The Enid News and Eagle, Enid, OK

Featured Story

December 20, 2012

World will end Friday (maybe)

If one has been on social media or around a water cooler, they’re probably not immune to the ever-increasing talk of the end of the world. The prediction of earth’s demise by the ancient Mayan civilization has been a hot topic as we approach Dec. 21, 2012, or as others are calling it — Friday.

No matter what side of the fence anyone is on, a religion professor from Rutgers University sheds light on the idea and the people behind it.

“The Mayans were typical of a lot of the indigenous cultures in North American, South America and Central America,” said Rutgers-Camden professor Stuart Charme. “They had what we would probably call a cyclical view of time.”

According to Charme, the Mayans had three calendars. He is familiar with two of them.

“They have an everyday calendar that they use for measuring holidays and celebrations and the kind of things that are measurable in terms of the lives of people and the community,” he said.

The other calendar is referred to as a “Long Count” calendar which extends beyond any individual’s lifetime but with units of time that can be compared with examples including centuries, millennia and beyond, he said. This calendar is on what the popular Mayan prediction is based. Does the “Long Count” calendar end on Friday? According to Charme, the answer is disputed.

“That calendar has not been in use probably for about 900 or 1,000 years, so it’s not like there are any Mayans around today who are paying a whole lot of attention to it,” he said. “It’s really been reconstructed from archeological remains from various kinds of hieroglyphs that have been deciphered during the height of the Mayan civilization when it was really being used to mark big events in the life of civilization.”

From the deciphering, when scholars found dates that related to a date in current calendars, they worked backward and forward.

“They looked backward to see where the Mayans were dating the beginning of that calendar and they come up with this date somewhere in the year 3114 B.C. which is the beginning of this calendar we are talking about and then they project forward in terms of where it would rollover into a new cycle,” Charme said. “And some scholars have said that’s this year and some next year and maybe it’s on the 21st or maybe it’s on the 23rd, but I think the consensus statement everyone kind of agreed on, which also kind of has the advantage of also being the winter solstice, is Dec. 21, 2012.”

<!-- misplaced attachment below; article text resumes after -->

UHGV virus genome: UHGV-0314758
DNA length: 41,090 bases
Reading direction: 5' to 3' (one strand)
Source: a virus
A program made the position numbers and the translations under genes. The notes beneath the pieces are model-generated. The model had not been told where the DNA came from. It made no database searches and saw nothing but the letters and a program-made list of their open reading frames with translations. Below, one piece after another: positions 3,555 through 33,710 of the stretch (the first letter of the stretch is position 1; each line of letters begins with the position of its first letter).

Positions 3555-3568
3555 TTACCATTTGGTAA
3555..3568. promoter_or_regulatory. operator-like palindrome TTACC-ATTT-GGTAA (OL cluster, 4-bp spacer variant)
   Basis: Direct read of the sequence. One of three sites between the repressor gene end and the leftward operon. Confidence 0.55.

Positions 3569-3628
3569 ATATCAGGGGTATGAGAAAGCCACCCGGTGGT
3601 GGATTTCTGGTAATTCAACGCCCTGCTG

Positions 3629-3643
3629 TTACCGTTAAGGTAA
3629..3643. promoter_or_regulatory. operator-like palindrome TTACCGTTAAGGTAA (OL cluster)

However, there is room for misinterpretation on two levels, he said.

“One is a simple calculation,” Charme said. “This may or may not be the day when the calendar is rolling over. That’s a sort of minor thing.”

The bigger issue, Charme said, is what will be the result when the calendar runs out?

“And that’s where the kind of craziness of contemporary Mayan apocalyptic catastrophic scenarios really is pretty much of our modern invention,” he said.

Did the Mayans actually predict the end of the world or is it an assumption based on the end of a calendar? Charme said it depends on who you ask.

“I think scholars of Mayan culture would say there are no such predictions,” Charme said. “The Mayans themselves were not a particularly apocalyptic people.”

Instead, the date could represent a change for humanity and not the end of the world, he said.

“It’s possible and I wouldn’t be surprised if they had a sense that at the end of the cycle there would be a different quality to a new age in the same way that we might say the middle ages were different than the modern period or the 19th century was different from the 20th century,” he said.

Charme said it’s important to remember that the Mayans were creating a calendar that ended in a period far beyond what they could sense.

“Probably what they were saying, going back 1,500 years when they were using this calendar, was by the time this calendar runs out in 1,500 years, it will be a new cycle for the world and for humanity,” Charme said.

Charme said he thinks the first mention of the calendar may go back to the early 20th century.

“I’m not sure when the first scholarly reference to it was,” he said. “It definitely got picked up by the new age spiritual movement and some central figures in that movement who combined it with a whole set of different scenarios and that, I would say, has been building over the last decade and really gained it’s momentum, I would say, in the last five years.”

However one chooses to view the prediction, Charme knows what he’ll be doing Friday. In an interview with Rutgers Today, the university’s official news site, he said he would have students from the graduate version of his class come to his home for an end of the world party.

“I don’t know exactly what we’ll do,” he said. “I’m not sure what end of the world activities would really look like. One of my students recommended that we play Twister. Maybe...”


Rheam writes for Stillwater NewsPress.